MutLα, a heterodimer of MLH1 and PMS2, plays a central role in human DNA mismatch repair. It interacts ATP-dependently with the mismatch detector MutSα and assembles and controls further repair enzymes. We tested if the interaction of MutLα with DNA-bound MutSα is impaired by cancer-associated mutations in MLH1, and identified one mutation (Ala128Pro) which abolished interaction as well as mismatch repair activity. Further examinations revealed three more residues whose mutation interfered with interaction. Homology modelling of MLH1 showed that all residues clustered in a small accessible surface patch, suggesting that the major interaction interface of MutLα for MutSα is located on the edge of an extensive β-sheet that backs the MLH1 ATP binding pocket. Bioinformatic analysis confirmed that this patch corresponds to a conserved potential protein–protein interaction interface which is present in both human MLH1 and its E.coli homologue MutL. MutL could be site-specifically crosslinked to MutS from this patch, confirming that the bacterial MutL–MutS complex is established by the corresponding interface in MutL. This is the first study that identifies the conserved major MutLα–MutSα interaction interface in MLH1 and demonstrates that mutations in this interface can affect interaction and mismatch repair, and thereby can also contribute to cancer development.
PMCID: PMC1747184  PMID: 17135187
14.  Structural and functional analysis of the MutS C-terminal tetramerization domain 
Nucleic Acids Research  2006;34(18):5270-5279.
The Escherichia coli DNA mismatch repair (MMR) protein MutS is essential for the correction of DNA replication errors. In vitro, MutS exists in a dimer/tetramer equilibrium that is converted into a monomer/dimer equilibrium upon deletion of the C-terminal 53 amino acids. In vivo and in vitro data have shown that this C-terminal domain (CTD, residues 801–853) is critical for tetramerization and the function of MutS in MMR and anti-recombination. We report the expression, purification and analysis of the E.coli MutS-CTD. Secondary structure prediction and circular dichroism suggest that the CTD is folded, with an α-helical content of 30%. Based on sedimentation equilibrium and velocity analyses, MutS-CTD forms a tetramer of asymmetric shape. A single point mutation (D835R) abolishes tetramerization but not dimerization of both MutS-CTD and full-length MutS. Interestingly, the in vivo and in vitro MMR activity of MutSCF/D835R is diminished to a similar extent as a truncated MutS variant (MutS800, residues 1–800), which lacks the CTD. Moreover, the dimer-forming MutSCF/D835R has comparable DNA binding affinity with the tetramer-forming MutS, but is impaired in mismatch-dependent activation of MutH. Our data support the hypothesis that tetramerization of MutS is important but not essential for MutS function in MMR.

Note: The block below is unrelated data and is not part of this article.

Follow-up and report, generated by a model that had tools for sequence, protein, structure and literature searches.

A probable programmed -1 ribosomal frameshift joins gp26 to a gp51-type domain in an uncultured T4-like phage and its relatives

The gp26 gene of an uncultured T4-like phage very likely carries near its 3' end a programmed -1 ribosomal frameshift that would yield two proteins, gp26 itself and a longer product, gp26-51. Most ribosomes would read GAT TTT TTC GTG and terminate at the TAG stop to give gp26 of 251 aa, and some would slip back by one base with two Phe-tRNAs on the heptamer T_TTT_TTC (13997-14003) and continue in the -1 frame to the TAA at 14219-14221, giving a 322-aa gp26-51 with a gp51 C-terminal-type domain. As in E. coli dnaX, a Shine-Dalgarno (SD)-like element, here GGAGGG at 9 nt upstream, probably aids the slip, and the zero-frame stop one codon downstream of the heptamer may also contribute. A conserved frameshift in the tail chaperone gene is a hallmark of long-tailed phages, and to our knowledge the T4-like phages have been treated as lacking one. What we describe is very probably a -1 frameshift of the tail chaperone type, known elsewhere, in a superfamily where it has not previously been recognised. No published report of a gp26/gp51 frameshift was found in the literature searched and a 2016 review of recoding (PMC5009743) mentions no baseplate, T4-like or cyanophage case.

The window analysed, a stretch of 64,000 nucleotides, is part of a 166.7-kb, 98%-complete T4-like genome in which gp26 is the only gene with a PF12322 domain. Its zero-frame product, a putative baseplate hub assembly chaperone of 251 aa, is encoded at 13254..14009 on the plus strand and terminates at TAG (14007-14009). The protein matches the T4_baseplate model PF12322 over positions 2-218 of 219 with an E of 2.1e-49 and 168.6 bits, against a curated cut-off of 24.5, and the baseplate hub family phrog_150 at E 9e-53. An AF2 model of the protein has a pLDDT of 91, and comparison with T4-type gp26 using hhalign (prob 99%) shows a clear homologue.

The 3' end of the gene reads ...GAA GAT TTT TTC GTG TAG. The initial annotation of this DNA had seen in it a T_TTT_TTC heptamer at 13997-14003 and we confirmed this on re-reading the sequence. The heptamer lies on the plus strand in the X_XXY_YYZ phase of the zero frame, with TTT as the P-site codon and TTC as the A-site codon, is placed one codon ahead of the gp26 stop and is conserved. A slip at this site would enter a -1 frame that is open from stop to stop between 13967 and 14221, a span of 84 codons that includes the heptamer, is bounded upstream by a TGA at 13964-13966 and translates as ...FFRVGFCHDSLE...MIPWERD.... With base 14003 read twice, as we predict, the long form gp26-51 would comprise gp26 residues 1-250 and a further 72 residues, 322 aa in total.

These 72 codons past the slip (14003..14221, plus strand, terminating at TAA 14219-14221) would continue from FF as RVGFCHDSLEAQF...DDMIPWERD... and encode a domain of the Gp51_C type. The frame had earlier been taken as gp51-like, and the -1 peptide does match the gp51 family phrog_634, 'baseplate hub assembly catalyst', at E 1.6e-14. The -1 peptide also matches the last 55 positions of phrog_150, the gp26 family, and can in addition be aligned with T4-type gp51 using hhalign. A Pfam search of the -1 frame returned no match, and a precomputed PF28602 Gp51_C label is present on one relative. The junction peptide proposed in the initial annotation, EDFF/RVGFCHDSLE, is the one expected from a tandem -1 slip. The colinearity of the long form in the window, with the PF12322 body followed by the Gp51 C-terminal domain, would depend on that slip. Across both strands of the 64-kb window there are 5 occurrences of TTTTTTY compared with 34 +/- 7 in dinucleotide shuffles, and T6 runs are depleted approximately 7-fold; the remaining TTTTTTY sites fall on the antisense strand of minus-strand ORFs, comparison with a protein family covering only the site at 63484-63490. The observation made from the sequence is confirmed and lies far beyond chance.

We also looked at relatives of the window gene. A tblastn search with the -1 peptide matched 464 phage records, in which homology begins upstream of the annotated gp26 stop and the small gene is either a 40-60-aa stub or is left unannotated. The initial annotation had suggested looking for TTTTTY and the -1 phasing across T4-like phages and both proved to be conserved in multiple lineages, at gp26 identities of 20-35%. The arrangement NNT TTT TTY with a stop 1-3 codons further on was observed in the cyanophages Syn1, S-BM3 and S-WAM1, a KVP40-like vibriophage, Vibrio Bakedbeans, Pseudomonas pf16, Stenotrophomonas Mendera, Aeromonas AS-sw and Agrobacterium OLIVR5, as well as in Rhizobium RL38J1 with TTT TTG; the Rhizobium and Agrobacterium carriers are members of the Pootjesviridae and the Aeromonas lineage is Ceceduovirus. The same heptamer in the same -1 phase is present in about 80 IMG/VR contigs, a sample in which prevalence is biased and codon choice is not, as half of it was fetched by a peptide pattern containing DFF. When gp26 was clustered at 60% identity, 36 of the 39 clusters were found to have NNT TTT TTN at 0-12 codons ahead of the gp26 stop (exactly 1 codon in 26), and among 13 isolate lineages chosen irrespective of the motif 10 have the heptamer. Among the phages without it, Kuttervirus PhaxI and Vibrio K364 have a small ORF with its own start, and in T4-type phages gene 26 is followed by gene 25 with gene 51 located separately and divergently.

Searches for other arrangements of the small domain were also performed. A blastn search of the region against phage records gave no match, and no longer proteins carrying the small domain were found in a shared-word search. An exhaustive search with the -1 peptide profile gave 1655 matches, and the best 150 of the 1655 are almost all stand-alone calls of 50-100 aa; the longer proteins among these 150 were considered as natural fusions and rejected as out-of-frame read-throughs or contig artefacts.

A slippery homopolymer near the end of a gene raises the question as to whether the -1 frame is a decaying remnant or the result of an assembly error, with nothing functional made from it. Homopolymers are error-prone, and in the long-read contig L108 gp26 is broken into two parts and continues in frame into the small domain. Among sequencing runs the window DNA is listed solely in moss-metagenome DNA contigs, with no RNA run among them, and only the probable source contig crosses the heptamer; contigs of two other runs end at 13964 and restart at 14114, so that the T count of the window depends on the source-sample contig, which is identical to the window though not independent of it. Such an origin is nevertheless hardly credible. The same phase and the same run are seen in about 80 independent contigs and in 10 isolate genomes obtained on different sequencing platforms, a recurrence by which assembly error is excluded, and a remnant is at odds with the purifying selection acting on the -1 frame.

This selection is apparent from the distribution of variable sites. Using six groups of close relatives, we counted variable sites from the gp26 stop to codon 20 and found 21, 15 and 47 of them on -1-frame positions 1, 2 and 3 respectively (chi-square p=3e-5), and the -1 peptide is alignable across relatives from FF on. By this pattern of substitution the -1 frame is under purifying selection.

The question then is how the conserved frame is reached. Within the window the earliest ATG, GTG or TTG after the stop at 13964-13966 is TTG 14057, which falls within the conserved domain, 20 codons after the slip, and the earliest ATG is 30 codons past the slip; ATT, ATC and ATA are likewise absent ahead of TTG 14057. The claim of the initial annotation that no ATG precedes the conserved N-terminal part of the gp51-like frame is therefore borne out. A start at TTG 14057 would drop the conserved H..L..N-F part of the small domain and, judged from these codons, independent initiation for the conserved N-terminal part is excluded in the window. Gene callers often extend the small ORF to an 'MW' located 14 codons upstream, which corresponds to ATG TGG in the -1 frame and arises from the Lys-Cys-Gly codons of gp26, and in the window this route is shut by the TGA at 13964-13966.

PMCID: PMC1636413  PMID: 17012287
15.  Identifying an interaction site between MutH and the C-terminal domain of MutL by crosslinking, affinity purification, chemical coding and mass spectrometry 
Nucleic Acids Research  2006;34(10):3169-3180.
To investigate protein–protein interaction sites in the DNA mismatch repair system we developed a crosslinking/mass spectrometry technique employing a commercially available trifunctional crosslinker with a thiol-specific methanethiosulfonate group, a photoactivatable benzophenone moiety and a biotin affinity tag. The XACM approach combines photocrosslinking (X), in-solution digestion of the crosslinked mixtures, affinity purification via the biotin handle (A), chemical coding of the crosslinked products (C) followed by MALDI-TOF mass spectrometry (M). We illustrate the feasibility of the method using a single-cysteine variant of the homodimeric DNA mismatch repair protein MutL. Moreover, we successfully applied this method to identify the photocrosslink formed between the single-cysteine MutH variant A223C, labeled with the trifunctional crosslinker in the C-terminal helix and its activator protein MutL. The identified crosslinked MutL-peptide maps to a conserved surface patch of the MutL C-terminal dimerization domain. These observations are substantiated by additional mutational and chemical crosslinking studies. Our results shed light on the potential structures of the MutL holoenzyme and the MutH–MutL–DNA complex.
PMCID: PMC1483222  PMID: 16772401
16.  Site-specific protein modification to identify the MutL interface of MutH 
Nucleic Acids Research  2003;31(3):819-825.
We have mapped the region for the protein interaction site of the Escherichia coli mismatch repair protein MutH for its activator protein MutL by a site-specific protein modification approach. For this purpose we generated a cysteine-free variant of MutH and 12 variants thereof, each containing a single cysteine residue at surface positions selected on the basis of available structural and sequence information for MutH. All MutH variants displayed wild type activity both in vivo and in vitro. These variants were then site-specifically modified at their cysteine residues with thiol-specific reagents and then tested for their ability to be stimulated in their DNA cleavage activity by the activator protein MutL. Thereby we were able to identify a defined region in the MutH protein that is important for interaction with MutL, and most likely represents the MutL binding site of MutH.
PMCID: PMC149211  PMID: 12560476